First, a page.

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6 Tips on How to Protect Yourself From Credit Card Fraud

6 Tips on How to Protect Yourself From Credit Card Fraud

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This article originally appeared on ValuePenguin

Credit cards offer the most convenient way to pay for your shopping and for everyday transactions. In addition to convenience, your credit card gives you several other advantages. If you put in a little effort into selecting a credit card that best meets your needs, you can earn significant amounts as cashback benefits and rewards.

There is also the attraction of a free credit period. It is possible to pay for your purchase several weeks after you make it. Many Singaporeans value the flexibility that a credit card gives them. When they receive their billing statement they can opt to pay only the minimum balance and “rollover” the remaining amount.

Of course, using your credit card in this fashion will require you to bear a certain interest cost. According to Monetary Authority of Singapore data, there are almost 8 million credit cards in circulation and the rollover balance is a massive S$5.3 billion. Considering that the average interest rate on credit cards is about 25% in Singapore, this could be costing consumers hundreds of millions of dollars every year.

However, that’s not the only costs of using credit cards: credit cards are vulnerable to fraud. If you are not careful about how you use your card, your details can be stolen and used by other people. Thousands of dollars can be spent on illegal transactions before you even realise it. Although credit card issuers have sophisticated fraud detection techniques, there could be a situation where the fraudulent spends remain undetected and the final responsibility for payment falls upon you.

Credit card scams are common in Singapore

A global survey by ACI, a firm that provides electronic payment services to over a thousand large financial institutions reveals some startling facts. About a third of all credit cardholders across the world have been victims of fraud. The situation in Singapore is grim with 36% of the 2016 survey respondents saying that they experienced credit card fraud in the last five years, an increase of 8% compared to 2014.

ACI’s data reveal a sharp upsurge in credit card fraud across the world:

% of respondents who experienced card fraud in the last 5 years20162014% change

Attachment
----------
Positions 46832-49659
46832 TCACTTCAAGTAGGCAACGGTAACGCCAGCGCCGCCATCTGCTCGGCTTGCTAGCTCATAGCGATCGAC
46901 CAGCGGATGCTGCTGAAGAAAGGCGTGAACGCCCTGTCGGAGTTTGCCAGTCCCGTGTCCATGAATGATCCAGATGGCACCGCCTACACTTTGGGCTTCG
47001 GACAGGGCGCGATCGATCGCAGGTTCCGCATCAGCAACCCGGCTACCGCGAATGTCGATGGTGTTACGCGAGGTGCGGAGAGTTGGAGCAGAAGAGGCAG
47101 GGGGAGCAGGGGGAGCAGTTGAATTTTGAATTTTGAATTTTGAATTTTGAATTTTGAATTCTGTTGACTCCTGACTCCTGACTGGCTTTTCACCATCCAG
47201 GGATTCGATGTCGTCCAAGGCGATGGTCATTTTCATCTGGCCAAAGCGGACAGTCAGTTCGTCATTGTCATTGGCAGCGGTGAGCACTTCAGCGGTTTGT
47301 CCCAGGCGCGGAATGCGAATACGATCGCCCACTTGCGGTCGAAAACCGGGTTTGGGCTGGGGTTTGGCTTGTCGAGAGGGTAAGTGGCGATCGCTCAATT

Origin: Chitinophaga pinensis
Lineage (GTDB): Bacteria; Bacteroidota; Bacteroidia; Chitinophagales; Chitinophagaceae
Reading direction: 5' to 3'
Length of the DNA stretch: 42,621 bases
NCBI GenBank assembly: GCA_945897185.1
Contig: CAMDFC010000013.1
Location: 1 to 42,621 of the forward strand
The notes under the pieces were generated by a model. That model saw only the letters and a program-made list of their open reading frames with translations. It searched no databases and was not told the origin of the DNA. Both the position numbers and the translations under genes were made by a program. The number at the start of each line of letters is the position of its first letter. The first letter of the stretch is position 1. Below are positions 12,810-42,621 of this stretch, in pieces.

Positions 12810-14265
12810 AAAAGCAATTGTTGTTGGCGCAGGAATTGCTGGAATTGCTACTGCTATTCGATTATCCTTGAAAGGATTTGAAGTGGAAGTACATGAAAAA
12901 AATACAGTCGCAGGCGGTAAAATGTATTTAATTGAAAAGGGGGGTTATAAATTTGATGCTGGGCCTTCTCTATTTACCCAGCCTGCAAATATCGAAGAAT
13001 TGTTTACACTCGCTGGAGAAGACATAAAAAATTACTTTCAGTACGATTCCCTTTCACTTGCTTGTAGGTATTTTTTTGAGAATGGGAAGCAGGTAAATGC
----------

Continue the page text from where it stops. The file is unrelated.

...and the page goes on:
Mexico56%33%23%
Brazil49%30$19%
USA47%41%6%
Australia40%31%9%
India37%41%-4%
Singapore36%32%8%
Canada35%21%14%
South Africa33%30%3%
France29%26%3%
UK29%28%1%

Fortunately, there are several measures that you can take to protect yourself. Here are a few things you should should bear in mind when using your credit card to avoid getting into a credit card scam.

Your credit card usage practices could expose you to fraud

There are a few practices you can do to avoid experiencing a credit card fraud.

Tip #1: First, you should always lock your smartphone when you are no using it. Normally, it’s quite safe to do so because at most times your phone is within reach or on your office desk. But, if your unlocked phone happens to fall into the wrong hands, the consequences could be disastrous. Your credit card details and other personal information could be accessed within minutes.

Tip #2: Secondly, you should always shred (or at least rip up) your credit card statements before throwing them into the wastepaper basket. If you don’t, your trash could be a rich source of information for crooks on the lookout for details about your credit card account. They could use this data to help them impersonate you when they talk to call centre staff.

Tip #3: Thirdly, possibly the greatest mistake that some cardholders make is to write their PIN number on a slip of paper and store it along with their card. If you lose your wallet, it is highly likely that your credit card will be used to withdraw cash or make an illegal transaction since you have made the thief’s job so easy.